- What is “cancel culture”?
- Examples of “cancel culture” today
- How Christians should expect to be “canceled”?
- Three ways Christians should respond
- How to “speak the truth in love”
Niel L. Golightly resigned recently as Boeing’s communications chief. The cause: he wrote an article nearly thirty-three years ago that said women should not serve in combat.
His article appeared in the December 1987 issue of Proceedings, a monthly publication of the US Naval Institute. Golightly was a twenty-nine-year-old Navy pilot when he wrote: “Introducing women into combat would destroy the exclusively male intangibles of war fighting and the feminine images of what men fight for—peace, home, family.” He added that, on a five-thousand-man aircraft carrier, “There is simply no room for the problem of sexual harassment, rape, prostitution, pregnancy, love triangles, and adolescent emotional crises.”
In an interview, he stated that these views in no way represent what he believes today. Nonetheless, after employee complaints about the 1987 article, he chose to resign for the sake of the company.
Canceling Jimmy Fallon
“Cancel culture” has been described as “removing of support for public figures in response to their objectionable behavior or opinions. This can include boycotts or refusal to promote their work.”
- An editorial page editor at the New York Times resigned in the wake of fierce criticism after publishing an opinion piece by the conservative Sen. Tom Cotton.
- A professor at UCLA is under investigation for reading Dr. Martin Luther King Jr.’s “Letter from Birmingham Jail” in his class since it included the N-word.
- Comedian Jimmy Fallon issued a public apology after the hashtag #jimmyfallonisoverparty went viral, protesting a video clip that surfaced from twenty years ago in which he wore blackface to impersonate Chris Rock.
Any of these issues could be addressed through conventional means. By contrast, “cancel culture” approaches use social media to organize an outcry that threatens swift reprisals if its demands are not met immediately. Anyone can organize such a protest, whether their outrage and called-for response are justified or not.
This phenomenon is causing alarm even on the cultural left. Harper’s magazine published “A Letter on Justice and Open Debate,” which was initially signed by 153 well-known writers and public intellectuals. (Two later withdrew their names.) They warn about “a new set of moral attitudes and political commitments that tend to weaken our norms of open debate and toleration of differences in favor of ideological conformity.”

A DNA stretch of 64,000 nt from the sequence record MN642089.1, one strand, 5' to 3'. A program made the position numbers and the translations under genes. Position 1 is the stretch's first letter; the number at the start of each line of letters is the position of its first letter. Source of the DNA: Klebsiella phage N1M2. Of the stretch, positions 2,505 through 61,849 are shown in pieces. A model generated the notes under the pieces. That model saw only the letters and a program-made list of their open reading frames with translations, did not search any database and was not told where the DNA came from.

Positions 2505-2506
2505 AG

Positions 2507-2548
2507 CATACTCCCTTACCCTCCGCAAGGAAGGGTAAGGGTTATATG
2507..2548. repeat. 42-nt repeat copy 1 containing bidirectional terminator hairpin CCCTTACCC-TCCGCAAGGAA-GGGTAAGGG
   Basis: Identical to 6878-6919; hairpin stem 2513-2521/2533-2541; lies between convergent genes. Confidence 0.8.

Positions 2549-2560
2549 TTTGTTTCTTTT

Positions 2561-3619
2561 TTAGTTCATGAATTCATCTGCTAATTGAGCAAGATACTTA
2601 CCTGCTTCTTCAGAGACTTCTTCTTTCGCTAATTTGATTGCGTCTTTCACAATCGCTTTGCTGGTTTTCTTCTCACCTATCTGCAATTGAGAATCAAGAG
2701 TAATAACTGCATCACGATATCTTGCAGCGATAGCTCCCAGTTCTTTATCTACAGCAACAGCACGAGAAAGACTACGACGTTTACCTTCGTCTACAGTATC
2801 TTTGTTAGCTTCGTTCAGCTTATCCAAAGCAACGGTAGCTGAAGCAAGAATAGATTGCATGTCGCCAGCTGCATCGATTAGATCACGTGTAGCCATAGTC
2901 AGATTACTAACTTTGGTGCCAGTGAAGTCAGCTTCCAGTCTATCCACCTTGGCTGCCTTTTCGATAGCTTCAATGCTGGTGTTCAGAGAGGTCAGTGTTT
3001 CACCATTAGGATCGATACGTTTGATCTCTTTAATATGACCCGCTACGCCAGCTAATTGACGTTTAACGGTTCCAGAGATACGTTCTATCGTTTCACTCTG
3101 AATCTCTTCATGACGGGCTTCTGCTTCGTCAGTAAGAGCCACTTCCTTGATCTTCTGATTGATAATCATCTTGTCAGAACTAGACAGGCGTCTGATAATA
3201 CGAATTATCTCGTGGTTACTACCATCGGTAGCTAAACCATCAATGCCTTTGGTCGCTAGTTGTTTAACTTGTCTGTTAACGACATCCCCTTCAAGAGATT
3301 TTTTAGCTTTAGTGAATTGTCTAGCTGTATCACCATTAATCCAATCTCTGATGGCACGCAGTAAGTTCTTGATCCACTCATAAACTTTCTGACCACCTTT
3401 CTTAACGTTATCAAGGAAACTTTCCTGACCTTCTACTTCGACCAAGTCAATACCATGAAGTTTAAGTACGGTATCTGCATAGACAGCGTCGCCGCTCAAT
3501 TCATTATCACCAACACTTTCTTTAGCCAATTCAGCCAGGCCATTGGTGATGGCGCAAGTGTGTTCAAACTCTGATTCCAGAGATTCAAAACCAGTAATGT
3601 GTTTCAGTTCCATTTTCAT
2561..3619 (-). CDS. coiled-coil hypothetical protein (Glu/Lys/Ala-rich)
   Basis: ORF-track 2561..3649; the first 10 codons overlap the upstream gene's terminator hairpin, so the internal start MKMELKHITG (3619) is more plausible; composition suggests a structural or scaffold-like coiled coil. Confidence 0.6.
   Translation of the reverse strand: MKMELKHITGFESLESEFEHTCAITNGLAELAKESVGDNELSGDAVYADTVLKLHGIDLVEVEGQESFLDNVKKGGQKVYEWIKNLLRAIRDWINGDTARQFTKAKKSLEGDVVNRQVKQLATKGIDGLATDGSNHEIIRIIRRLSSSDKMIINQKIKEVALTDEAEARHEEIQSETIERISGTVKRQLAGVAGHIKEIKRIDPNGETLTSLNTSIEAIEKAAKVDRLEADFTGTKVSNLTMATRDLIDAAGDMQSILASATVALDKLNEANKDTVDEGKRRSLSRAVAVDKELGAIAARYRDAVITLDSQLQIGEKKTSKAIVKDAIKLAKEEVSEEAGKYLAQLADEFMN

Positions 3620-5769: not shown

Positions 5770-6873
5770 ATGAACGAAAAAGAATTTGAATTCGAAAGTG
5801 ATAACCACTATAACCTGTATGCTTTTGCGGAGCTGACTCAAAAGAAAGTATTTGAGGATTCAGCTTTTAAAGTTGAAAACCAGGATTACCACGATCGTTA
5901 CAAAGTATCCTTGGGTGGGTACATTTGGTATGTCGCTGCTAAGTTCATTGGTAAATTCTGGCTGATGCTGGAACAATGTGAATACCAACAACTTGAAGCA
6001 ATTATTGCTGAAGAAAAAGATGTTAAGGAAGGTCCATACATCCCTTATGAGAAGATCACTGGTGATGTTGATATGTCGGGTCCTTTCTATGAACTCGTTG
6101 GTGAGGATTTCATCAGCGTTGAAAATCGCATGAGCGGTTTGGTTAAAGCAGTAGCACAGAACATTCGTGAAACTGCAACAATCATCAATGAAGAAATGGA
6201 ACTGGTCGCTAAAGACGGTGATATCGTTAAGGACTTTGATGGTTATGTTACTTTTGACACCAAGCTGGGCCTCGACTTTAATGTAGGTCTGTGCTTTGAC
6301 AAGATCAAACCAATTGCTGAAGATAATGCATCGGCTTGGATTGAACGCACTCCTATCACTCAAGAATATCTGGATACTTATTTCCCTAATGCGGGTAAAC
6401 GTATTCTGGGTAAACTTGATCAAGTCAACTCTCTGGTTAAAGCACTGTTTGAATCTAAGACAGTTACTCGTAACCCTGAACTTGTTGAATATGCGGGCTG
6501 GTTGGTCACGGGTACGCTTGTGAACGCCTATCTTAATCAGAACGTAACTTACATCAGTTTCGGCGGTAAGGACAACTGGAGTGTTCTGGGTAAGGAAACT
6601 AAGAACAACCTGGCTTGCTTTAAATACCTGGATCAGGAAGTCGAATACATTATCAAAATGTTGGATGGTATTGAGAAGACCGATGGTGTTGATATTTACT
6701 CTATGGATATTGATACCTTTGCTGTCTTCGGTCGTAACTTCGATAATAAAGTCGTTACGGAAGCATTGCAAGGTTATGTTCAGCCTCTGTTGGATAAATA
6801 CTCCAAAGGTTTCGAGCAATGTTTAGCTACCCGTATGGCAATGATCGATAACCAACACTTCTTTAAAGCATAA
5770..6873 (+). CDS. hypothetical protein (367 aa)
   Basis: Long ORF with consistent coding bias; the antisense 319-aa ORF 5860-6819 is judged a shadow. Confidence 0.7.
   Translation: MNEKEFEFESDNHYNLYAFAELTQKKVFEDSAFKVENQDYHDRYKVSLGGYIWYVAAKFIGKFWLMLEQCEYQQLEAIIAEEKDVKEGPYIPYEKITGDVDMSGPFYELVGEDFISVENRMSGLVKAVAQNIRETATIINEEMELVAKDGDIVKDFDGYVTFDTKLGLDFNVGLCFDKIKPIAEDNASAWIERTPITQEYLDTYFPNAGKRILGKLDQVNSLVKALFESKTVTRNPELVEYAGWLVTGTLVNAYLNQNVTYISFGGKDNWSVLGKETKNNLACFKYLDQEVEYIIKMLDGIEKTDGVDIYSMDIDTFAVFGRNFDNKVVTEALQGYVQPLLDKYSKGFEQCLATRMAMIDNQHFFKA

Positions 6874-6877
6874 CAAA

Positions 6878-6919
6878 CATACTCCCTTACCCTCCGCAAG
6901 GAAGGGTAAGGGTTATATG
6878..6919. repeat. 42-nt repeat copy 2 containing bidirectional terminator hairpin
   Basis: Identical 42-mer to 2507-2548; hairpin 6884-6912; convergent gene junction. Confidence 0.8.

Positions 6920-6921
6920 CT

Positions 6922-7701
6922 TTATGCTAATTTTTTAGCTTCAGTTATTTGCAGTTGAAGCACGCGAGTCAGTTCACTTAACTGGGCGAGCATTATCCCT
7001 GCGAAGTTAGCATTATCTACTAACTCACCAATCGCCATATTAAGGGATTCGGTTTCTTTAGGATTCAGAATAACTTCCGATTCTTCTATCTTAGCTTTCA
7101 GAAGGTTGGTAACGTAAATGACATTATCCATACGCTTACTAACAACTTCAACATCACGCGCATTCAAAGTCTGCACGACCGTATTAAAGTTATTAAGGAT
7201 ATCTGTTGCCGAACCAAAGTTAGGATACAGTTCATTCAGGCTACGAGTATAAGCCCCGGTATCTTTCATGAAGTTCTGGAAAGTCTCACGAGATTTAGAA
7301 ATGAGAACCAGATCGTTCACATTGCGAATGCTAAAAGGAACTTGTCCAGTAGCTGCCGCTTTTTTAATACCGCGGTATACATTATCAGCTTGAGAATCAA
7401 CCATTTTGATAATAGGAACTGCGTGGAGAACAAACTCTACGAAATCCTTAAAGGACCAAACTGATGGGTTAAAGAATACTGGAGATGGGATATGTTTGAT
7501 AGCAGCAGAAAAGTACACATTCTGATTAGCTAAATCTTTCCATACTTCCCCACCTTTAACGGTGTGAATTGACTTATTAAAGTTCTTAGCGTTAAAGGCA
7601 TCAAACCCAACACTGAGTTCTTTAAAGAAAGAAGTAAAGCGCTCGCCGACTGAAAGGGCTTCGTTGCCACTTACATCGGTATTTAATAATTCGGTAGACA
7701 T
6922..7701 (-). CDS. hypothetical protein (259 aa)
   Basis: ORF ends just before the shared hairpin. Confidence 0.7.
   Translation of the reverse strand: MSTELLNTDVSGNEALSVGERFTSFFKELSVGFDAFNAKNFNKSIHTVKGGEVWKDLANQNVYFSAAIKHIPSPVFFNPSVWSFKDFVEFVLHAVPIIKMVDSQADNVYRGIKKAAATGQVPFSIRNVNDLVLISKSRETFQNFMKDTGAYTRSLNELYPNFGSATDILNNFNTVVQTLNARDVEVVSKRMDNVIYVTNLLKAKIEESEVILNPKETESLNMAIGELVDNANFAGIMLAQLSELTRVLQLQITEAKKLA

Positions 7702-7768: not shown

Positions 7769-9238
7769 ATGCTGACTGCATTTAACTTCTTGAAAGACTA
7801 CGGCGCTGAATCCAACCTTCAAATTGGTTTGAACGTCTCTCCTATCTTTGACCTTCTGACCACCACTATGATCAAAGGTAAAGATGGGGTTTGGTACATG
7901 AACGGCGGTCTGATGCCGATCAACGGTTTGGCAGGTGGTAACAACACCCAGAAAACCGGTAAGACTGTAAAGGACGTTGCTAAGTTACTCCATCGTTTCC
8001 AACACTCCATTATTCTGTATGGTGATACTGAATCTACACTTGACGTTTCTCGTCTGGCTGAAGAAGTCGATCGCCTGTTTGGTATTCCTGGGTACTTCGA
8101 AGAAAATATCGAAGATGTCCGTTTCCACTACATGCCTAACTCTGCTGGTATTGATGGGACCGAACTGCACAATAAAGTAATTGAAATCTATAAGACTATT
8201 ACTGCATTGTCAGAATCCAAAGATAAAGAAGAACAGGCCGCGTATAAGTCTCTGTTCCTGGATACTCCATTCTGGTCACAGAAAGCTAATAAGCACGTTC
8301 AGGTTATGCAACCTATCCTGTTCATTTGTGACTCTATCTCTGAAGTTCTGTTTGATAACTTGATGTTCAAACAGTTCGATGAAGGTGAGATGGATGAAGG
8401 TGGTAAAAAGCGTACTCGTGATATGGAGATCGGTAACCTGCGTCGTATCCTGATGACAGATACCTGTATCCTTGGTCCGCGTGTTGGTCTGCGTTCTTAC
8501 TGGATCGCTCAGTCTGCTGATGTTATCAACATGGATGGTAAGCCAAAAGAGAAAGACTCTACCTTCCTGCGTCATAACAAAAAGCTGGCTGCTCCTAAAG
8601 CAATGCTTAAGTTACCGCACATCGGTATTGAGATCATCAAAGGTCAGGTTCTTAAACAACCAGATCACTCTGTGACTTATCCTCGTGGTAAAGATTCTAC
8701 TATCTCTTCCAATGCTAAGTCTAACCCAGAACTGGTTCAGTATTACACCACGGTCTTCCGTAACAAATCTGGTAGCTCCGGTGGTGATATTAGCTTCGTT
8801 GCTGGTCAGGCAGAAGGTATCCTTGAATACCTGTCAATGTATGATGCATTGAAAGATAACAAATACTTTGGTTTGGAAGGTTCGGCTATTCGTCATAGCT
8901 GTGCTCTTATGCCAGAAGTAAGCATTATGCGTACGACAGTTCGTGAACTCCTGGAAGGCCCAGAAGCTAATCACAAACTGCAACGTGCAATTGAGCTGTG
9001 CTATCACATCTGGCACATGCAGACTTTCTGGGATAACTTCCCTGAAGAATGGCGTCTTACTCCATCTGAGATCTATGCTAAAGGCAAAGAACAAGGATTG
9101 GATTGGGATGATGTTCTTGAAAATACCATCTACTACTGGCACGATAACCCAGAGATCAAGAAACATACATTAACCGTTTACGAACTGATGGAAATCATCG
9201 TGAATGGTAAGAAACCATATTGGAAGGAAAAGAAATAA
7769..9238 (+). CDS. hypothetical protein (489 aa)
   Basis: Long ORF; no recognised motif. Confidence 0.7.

In their view, “The free exchange of information and ideas, the lifeblood of a liberal society, is daily becoming more constricted.” As a result, “it is now all too common to hear calls for swift and severe retribution in response to perceived transgressions of speech and thought.”
Among their examples: “Editors are fired for running controversial pieces; books are withdrawn for alleged inauthenticity; journalists are barred from writing on certain topics; professors are investigated for quoting works of literature in class; a researcher is fired for circulating a peer-reviewed academic study; and the heads of organizations are ousted for what are sometimes just clumsy mistakes.”
The result, they believe, “has been to steadily narrow the boundaries of what can be said without the threat of reprisal.” In their view, “The way to defeat bad ideas is by exposure, argument, and persuasion, not by trying to silence or wish them away.”
Canceling Abraham Lincoln
Criticism on social media is not “cancel culture” unless it tries to “cancel” its subject in some way. As New York Times columnist Ross Douthat writes: “You are not being canceled if you are merely being heckled or insulted . . . no matter how vivid and threatening the heckling becomes. You are decidedly at risk of cancellation, however, if your critics are calling for you to be de-platformed or fired or put out of business.”
For example, former Gov. Howard Dean recently tweeted: “Unfortunately Christians don’t have much [of] a reputation for anything but hate these days thanks to Franklin Graham and Jerry Falwell and other trump [sic] friends.” His statement, however offensive it might be to Christians, did not then call for a boycott or other actions against us.
By contrast, when Goya CEO Robert Unanue made positive statements about President Trump, there were quick calls to boycott his company and its products. (This despite his company’s donation of two million pounds of food to food banks during the pandemic and his earlier work with the Obama administration.)
Calls for reprisals against alleged offenses are evident throughout human history. One could say that Saul sought to “cancel” David when he called upon his son and servants to kill his perceived rival (1 Samuel 19:1). In the presidential election of 1800, surrogates of John Adams tried to “cancel” Thomas Jefferson’s candidacy by issuing claims against him that make many of today’s tweets pale by comparison; surrogates of Jefferson did the same to Adams.
It’s inconceivable today, but many newspaper editorials about President Abraham Lincoln and calls for his removal were scathing and vociferous in the Union prior to his assassination.
What makes this moment different is that, as Douthat notes, “the heat of the cancel-culture debate reflects the intersection of the internet as a medium for cancellation with the increasing power of left-wing moral norms as a justification for cancellation.”